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Reviews Written by
M. Fantino (San Francisco, California USA)

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3 of 3 people found the following review helpful
5.0 out of 5 stars songs from the floor, 8 July 2004
This review is from: Pre [VINYL] (Vinyl)
Circlesquare's Pre-Earthquake Anthem fits snugly in the lexicon of the Output Records sound. This unusual record sounds mildly apocalyptic, vaguely narcoleptic, and highly foreboding. The title itself suggests the doom of an impending earthquake. And that imagined catastrophe is the climax that every song aches for, like there is some invisible build-up conjured by Circlequare's hypnotic slow-motion electro-funk. "Just wait here for disaster comes" warns Circlesquare.
As far as I can ascertain, Circlesquare is mostly one person, named March21, who has a comforting vocal style sounding like he recorded this album real late at night when everyone else was asleep. A shouting whisper.
The strangest part of the record is All Sleepers. Deeply infectious, this one can worm its way into your head and remain there. But there is something strangely familiar about it. 1970's Glam-Boy David Essex's one-hit "Rock On" seems to haunt this song, in melody and spooky chorus punctuated by the yelps of "Hey!" and "Rock + Roll". I have played the two songs together and find it hard to believe this a coincidence. I think Circlesquare's March21 is doing this on purpose. Like it's some sort of strange clue. As if it is "Rock On (part two)". Or a weird joke. But, as baffled as I am by it, it hardly matters because it's an excellent song, both of 'em.
Non-Revival Alarm is the central peak of the album, and can be isolated as its best song. Though, Pre-Earthquake Anthem can be seen as one big-long song, Non-Revival Alarm is the catchy part. Especially with the "ba ba ba ba ba ba ba ba ba". If Trevor Jackson were Phil Spector, this would be his Ronettes. Though, I don't know what Trevor Jackson's real role in this album is. I think he produces most of the bands on his label, however all of Circlequare's credits tend to lean to March21.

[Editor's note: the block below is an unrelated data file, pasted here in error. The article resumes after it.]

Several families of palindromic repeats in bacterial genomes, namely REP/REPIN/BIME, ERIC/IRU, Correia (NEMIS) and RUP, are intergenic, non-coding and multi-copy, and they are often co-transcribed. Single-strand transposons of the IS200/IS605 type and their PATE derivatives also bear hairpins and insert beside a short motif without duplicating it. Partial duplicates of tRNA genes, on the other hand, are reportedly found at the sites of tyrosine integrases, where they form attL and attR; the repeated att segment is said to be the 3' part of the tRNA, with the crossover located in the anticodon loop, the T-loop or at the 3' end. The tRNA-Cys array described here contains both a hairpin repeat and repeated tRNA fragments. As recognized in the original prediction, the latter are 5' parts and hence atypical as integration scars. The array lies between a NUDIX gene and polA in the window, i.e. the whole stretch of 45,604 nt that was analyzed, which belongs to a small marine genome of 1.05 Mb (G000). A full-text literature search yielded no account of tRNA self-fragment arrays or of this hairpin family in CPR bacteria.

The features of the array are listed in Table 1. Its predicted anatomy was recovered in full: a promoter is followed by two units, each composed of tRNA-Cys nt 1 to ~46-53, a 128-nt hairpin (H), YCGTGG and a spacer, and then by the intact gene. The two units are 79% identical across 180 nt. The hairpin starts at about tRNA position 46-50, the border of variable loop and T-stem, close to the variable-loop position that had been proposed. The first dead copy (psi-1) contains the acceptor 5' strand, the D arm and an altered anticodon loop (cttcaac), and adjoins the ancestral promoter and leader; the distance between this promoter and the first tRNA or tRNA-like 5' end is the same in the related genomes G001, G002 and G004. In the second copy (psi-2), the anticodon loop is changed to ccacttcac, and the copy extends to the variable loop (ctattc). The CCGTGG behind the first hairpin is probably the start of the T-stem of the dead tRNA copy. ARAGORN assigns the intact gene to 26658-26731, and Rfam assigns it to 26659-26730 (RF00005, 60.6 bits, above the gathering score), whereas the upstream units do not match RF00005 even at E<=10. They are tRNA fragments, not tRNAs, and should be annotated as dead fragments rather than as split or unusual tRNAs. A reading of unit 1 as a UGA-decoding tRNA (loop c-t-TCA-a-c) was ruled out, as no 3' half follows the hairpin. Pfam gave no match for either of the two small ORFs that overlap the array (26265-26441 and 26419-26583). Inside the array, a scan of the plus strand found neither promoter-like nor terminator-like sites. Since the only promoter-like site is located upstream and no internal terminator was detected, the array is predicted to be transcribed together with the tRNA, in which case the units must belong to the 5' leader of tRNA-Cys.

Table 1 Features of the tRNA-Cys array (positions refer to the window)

Price: £3.52

2 of 3 people found the following review helpful
5.0 out of 5 stars phantasmagoria, 23 Oct. 2003
This review is from: Echoes (Audio CD)
You can't go wrong with The Rapture. Of the disco-punk movement, they and Radio 4 are at the top of the heap.
This has been a highly anticipated album. Little leaks of songs have been released here and there for the last several months. DFA had put out a number of fantastic 12" singles that I have been able to snatch up while I was waiting and the Yes New York compilation contains the glorious new vamped-up version of Olio.
Is it any real coincidence that both Blondie and Siouxsie had songs called (The) Rapture? You can hear elements of both that New York disco that Blondie was doing and that spaced out goth that Siouxsie was sculpting back in the day. But, if you can stomach a few more references, what really stands out to me with this album in particular and their two earlier ones is the following scenario: What if Robert Smith stepped up and volunteered his vocals to Joy Division after Ian Curtis ceased to be? Imagine that cusp, where New Order split off and continued with the anxiety Joy Division had but cloaked in a soothing atmosphear of early electronica. I know it's a lot to consider, but I can hear all of that and Robert Smith circa Faith or Pornography.
All that said, it is unfair for me, just a fan, to heap all of this mystique onto a band like The Rapture. If nothing else, Echoes proves that this band is responsible for it's own dynamics.